I don’t know about you, but here in the Southeast we are having summer like weather. Yet, our trusty local weatherperson is telling us tomorrow if the first day of autumn. I would suggest said person take a break from the maps on the wall and stick their head out the window. It’s hot!
But, this too shall pass and autumn will indeed be here. So let’s start thinking about what we should, and shouldn’t, be doing for our roses this time of year.
First, fertilizing. Around here our peak fall bloom is usually mid-October. For that reason it’s sometimes nice to give the roses a little fall boost to maximize that bloom-o-rama. Use a good organic fertilizer but make very sure it is not a time release fertilizer!
Because the last thing we want to be doing is pushing tender new growth when autumn changes into winter. For that reason you also want to use a fertilizer that is low in nitrogen – the first number on the NPK scale.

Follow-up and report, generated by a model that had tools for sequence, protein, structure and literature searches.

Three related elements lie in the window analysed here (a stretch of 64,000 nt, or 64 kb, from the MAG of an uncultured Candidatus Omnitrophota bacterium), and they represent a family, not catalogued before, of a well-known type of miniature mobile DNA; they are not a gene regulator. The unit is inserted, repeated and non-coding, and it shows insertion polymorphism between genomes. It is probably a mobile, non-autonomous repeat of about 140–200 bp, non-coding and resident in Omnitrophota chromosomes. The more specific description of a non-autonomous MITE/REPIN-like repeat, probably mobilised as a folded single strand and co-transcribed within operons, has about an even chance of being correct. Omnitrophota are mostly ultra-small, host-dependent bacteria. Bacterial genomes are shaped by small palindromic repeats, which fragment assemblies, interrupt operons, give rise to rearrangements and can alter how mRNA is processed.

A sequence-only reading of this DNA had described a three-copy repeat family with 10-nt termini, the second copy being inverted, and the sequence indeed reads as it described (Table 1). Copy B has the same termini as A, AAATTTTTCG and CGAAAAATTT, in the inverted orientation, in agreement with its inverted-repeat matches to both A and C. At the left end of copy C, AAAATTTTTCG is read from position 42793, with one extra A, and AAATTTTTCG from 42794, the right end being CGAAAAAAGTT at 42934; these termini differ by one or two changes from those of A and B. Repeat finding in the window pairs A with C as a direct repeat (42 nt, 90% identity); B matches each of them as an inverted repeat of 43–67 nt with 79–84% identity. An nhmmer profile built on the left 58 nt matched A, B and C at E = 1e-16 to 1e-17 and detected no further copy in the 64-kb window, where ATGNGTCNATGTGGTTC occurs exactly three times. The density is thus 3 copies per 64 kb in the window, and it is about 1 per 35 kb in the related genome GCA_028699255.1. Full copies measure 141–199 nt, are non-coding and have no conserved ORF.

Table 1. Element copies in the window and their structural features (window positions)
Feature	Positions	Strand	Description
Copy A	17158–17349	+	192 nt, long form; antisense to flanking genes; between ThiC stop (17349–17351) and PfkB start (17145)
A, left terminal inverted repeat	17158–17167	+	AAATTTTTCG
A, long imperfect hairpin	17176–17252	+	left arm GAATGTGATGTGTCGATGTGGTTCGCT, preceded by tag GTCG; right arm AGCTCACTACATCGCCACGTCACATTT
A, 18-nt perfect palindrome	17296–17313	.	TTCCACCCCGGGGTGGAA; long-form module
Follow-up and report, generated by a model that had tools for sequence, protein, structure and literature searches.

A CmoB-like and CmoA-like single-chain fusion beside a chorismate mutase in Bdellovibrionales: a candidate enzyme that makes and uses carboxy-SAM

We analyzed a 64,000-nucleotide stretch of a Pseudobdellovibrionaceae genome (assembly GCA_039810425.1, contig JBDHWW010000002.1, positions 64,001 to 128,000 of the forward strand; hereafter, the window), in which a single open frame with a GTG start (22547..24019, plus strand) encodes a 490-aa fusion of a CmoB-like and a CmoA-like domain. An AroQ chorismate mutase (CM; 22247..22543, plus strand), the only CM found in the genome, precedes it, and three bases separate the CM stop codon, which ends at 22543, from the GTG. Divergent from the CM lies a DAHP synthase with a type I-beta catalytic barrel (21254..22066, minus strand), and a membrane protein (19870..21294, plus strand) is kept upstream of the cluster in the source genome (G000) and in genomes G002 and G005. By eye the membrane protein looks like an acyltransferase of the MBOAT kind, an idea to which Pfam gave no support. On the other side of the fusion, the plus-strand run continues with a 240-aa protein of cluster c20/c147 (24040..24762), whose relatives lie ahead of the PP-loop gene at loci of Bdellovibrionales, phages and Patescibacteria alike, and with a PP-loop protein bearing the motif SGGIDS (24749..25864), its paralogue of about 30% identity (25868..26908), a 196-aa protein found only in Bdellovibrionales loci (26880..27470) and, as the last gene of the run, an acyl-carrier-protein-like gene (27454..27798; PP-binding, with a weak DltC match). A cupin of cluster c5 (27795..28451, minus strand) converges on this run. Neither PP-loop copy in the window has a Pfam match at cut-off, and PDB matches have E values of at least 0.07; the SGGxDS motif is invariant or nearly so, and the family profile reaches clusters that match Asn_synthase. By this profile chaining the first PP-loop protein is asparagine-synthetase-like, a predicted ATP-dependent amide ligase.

Watering. I know I talked a while back about irrigating less and I still stand by that. However, if you have younger plants or ones that are really suffering from drought (like some of mine are right now) go ahead and give them a deep soaking. We want our roses to be at their peak health entering winter so they can better survive it. Water is an important part of that. A stressed out rose has less chance of surviving a cold northeaster.
Deadheading and trimming. I advise you begin to slow down on these. Doing so stimulates new growth and we don’t want that right now. Plus roses left un-deadheaded develop hips, which are those bright berries you see. They are a great source of nutrition for all kinds of animals and birds during the winter so leave them on. Plus they look great against a fresh snowfall.
Continue to enjoy your roses all during fall for as long as they bloom. In the meantime simply build up their strength and then allow them to naturally shut down as winter comes in.